Monday, September 9, 2019

Tabitha Vohn Takes it to the Toilet

Oh yes! We are absolutely running a series on bathroom reading! So long as it's taking place behind the closed  (or open, if that's the way you swing) bathroom door, we want to know what it is. It can be a book, the back of the shampoo bottle, the newspaper, or Twitter on your cell phone - whatever helps you pass the time...

Today, Tabitha Vohn takes it to the toilet. She is the recipient of the B.R.A.G Medallion and the Awesome Indies Badge of Approval for her novel, Tomorrow is a Long Time. She is a writer, poet, painter, musician, wife, daughter, and friend. She is an advocate of compassion for all living things. Her latest novel They Tried to Forget was just released in July. 

What Tabitha Vohn is Reading in the Bathroom

It all started with the Berenstain Bears. Anything to take a little girl's mind off of going #2!

Now (many moons later), I use my bathroom time to indulge in the kind of guilty pleasure reading that I would not otherwise allow myself: magazines! And recently--even more indulgent than that--old faves. Yeah, that's right; trips through my teenhood.

Jane magazine was my ultimate. It was unlike any fashion/celeb rag I'd encountered and, for a girl in the 90's whose choices were often limited to the likes of Seventeen, Vogue, or Glamour, it was pretty groundbreaking. It was hip before hipster was a thing. Sure, towards the end, it got kinda porn-y and scary, and I wasn't always onboard with their politics; but in early years, it was the bombdigity. Jane was that crazy, unstable, bohemian friend who was alluring and dangerous but you nevertheless wanted to be best friends with. I followed reporters into White Supremacy groups, Hooters (as a waitress), survivalist camps, polygamous groups, women in the Middle East forced to wear burqas...I heard about the music and film and fashion that the mainstream was not talking about. And I read interviews with celebs that were intelligent, thoughtful, and human.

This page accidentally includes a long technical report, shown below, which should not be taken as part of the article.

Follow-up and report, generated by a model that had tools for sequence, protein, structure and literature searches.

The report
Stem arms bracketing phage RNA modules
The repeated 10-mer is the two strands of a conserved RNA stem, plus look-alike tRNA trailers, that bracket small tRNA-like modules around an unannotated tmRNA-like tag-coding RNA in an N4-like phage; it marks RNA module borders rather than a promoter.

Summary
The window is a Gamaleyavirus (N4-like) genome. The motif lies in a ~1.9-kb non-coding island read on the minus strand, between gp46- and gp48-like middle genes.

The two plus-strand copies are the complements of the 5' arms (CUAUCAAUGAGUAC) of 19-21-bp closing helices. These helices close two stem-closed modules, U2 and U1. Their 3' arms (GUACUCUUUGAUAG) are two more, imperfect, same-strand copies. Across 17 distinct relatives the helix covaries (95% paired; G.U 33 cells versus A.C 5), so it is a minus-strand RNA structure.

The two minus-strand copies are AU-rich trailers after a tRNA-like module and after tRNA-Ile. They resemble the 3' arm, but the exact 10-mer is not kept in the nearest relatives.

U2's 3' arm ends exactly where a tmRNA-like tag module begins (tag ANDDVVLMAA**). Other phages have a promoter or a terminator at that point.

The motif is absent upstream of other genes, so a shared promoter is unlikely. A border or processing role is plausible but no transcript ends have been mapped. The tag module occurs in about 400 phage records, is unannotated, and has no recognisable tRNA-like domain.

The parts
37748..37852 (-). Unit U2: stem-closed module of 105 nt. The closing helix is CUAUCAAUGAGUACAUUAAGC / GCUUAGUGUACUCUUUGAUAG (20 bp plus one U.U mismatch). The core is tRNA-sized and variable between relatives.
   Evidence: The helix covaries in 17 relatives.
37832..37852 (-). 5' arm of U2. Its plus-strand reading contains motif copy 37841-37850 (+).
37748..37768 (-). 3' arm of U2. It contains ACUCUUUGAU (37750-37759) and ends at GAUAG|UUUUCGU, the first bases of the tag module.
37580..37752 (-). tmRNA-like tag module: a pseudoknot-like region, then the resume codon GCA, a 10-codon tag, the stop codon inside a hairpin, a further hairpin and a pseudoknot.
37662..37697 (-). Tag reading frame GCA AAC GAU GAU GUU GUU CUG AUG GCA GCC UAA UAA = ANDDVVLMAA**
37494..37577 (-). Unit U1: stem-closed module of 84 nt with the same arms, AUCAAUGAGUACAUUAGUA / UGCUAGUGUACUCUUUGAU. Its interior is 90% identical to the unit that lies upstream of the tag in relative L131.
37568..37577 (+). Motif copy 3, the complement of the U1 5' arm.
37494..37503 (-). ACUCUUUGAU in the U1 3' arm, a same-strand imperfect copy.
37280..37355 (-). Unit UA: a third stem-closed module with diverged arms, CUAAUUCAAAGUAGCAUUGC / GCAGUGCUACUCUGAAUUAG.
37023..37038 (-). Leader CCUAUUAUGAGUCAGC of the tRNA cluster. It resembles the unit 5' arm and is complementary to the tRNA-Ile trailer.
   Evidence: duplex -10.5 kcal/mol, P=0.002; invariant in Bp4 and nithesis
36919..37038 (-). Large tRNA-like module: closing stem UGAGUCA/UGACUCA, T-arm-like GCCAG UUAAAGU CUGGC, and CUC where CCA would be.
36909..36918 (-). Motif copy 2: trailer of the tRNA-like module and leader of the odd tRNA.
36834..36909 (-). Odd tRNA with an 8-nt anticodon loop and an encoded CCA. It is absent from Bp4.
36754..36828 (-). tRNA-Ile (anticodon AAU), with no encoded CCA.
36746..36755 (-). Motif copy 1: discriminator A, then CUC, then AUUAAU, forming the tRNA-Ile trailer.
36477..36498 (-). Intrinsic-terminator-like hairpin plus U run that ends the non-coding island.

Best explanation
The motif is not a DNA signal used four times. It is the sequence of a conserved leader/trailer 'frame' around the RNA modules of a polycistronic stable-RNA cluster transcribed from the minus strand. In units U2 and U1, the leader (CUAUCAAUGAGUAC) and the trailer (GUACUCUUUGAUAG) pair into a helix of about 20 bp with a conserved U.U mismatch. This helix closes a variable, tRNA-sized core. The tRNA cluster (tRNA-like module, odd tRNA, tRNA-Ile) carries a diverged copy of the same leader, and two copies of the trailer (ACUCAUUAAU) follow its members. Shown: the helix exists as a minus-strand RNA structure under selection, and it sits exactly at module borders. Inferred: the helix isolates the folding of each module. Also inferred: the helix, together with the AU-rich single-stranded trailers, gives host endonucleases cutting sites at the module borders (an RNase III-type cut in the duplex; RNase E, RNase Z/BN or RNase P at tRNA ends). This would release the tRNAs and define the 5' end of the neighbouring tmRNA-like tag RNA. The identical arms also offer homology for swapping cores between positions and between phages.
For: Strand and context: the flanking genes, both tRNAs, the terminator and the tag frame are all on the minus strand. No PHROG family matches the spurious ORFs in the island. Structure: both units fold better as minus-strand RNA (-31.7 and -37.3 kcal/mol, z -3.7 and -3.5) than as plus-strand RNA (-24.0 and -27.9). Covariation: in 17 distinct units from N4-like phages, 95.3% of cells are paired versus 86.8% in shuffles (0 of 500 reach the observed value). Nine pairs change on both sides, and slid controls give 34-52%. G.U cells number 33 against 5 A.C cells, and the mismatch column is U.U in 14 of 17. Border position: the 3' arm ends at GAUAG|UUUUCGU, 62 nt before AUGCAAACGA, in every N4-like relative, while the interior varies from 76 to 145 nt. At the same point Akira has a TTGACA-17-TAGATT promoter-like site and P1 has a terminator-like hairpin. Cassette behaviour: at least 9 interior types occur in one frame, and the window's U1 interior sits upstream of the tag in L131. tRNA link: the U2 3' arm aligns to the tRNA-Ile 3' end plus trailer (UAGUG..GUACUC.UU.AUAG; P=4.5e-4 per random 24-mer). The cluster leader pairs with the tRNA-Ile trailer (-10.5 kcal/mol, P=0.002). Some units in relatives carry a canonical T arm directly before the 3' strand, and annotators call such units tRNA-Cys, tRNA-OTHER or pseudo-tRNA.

So, for now, I'm enjoying climbing back through the rabbit hole. Maybe it's the comfort of the familiar; maybe a fierce denial of the present. For whatever reason, this trip down memory lane offers a delicious escape (even if it's just from thinking about #2). 

Wednesday, September 4, 2019

Jon Sealy Recommends F Scott Fitzgerald

It's been a while since we'd dusted off our Writers Recommend series, dear reader, a fun excerise where we ask writers to, well, you know.. recommend things. Like the books that they've enjoyed. To you. Because who doesn't like being recommended new and interesting books, right?! Think of it as a PSA. Only it's more like an LSA -Literary Service Announcement. 

This recommendation comes from Jon Sealy, publisher of Haywire BooksHe'll be on tour this month in North and South Carolina promoting the release of his latest novel The Edge of America, a stunning thriller set in 1980's Miami about greed, power, and the limits of the american dream.

Jon Sealy Recommends Tender Is the Night

Nearly everybody reads—or is assigned to read—The Great Gatsby at some point, but I’ve always thought Tender Is the Night to be a better novel: longer, richer, deeper, more true to life.

The story is about Dick and Nicole Diver, a glamorous couple living in the south of France. Dick is a successful psychiatrist and, as we learn, Nicole was his patient. He’d fallen in love with her, but he also believed the marriage would help keep her stable—would save her. Of course that kind of marriage is in trouble, and very quickly in the novel Dick becomes infatuated with a young actress. The marriage falls apart: Dick slides into alcoholism and slinks away, hoping for a comeback, while Nicole has her own affair and eventually re-marries.

In some ways, the plot of Tender Is the Night is preposterous—there are murders, affairs, and even a duel at one point—but these rough edges make it feel more lifelike. Life, after all, doesn’t fit neatly into a tidy story.

What really makes it a great book, however, is the way Fitzgerald plumbs into the secret heart of the marriage. On the surface, Dick and Nicole seem like a happy couple, the envy of their friends, but there are cracks in the faƧade. In one early scene, they host a party in their house, and one of the house guests comes out startled by something she’s witnessed in the bathroom. We don’t find out what she saw, but it’s likely related to Nicole’s mental illness.

One of the other guests admonishes her, “It’s inadvisable to comment on what goes on in this house,” which suggests at least some of Dick and Nicole’s friends sense something is amiss in the marriage. Over the next 200 pages, Fitzgerald explores just what is rotten at the core, and we witness the fascinating shift in power dynamics between them.

I loved The Great Gatsby when I first read it, but revisiting it now in early middle age, it reads like a young person’s book—dazzling, romantic, but with a simple story and a somewhat one-dimensional view of the world. Tender Is the Night is the work of an author who has been kicked around a little bit, and who sees life’s complexity for what it is. It’s the rare book, as Virginia Woolf might say, “written for grown-up people.”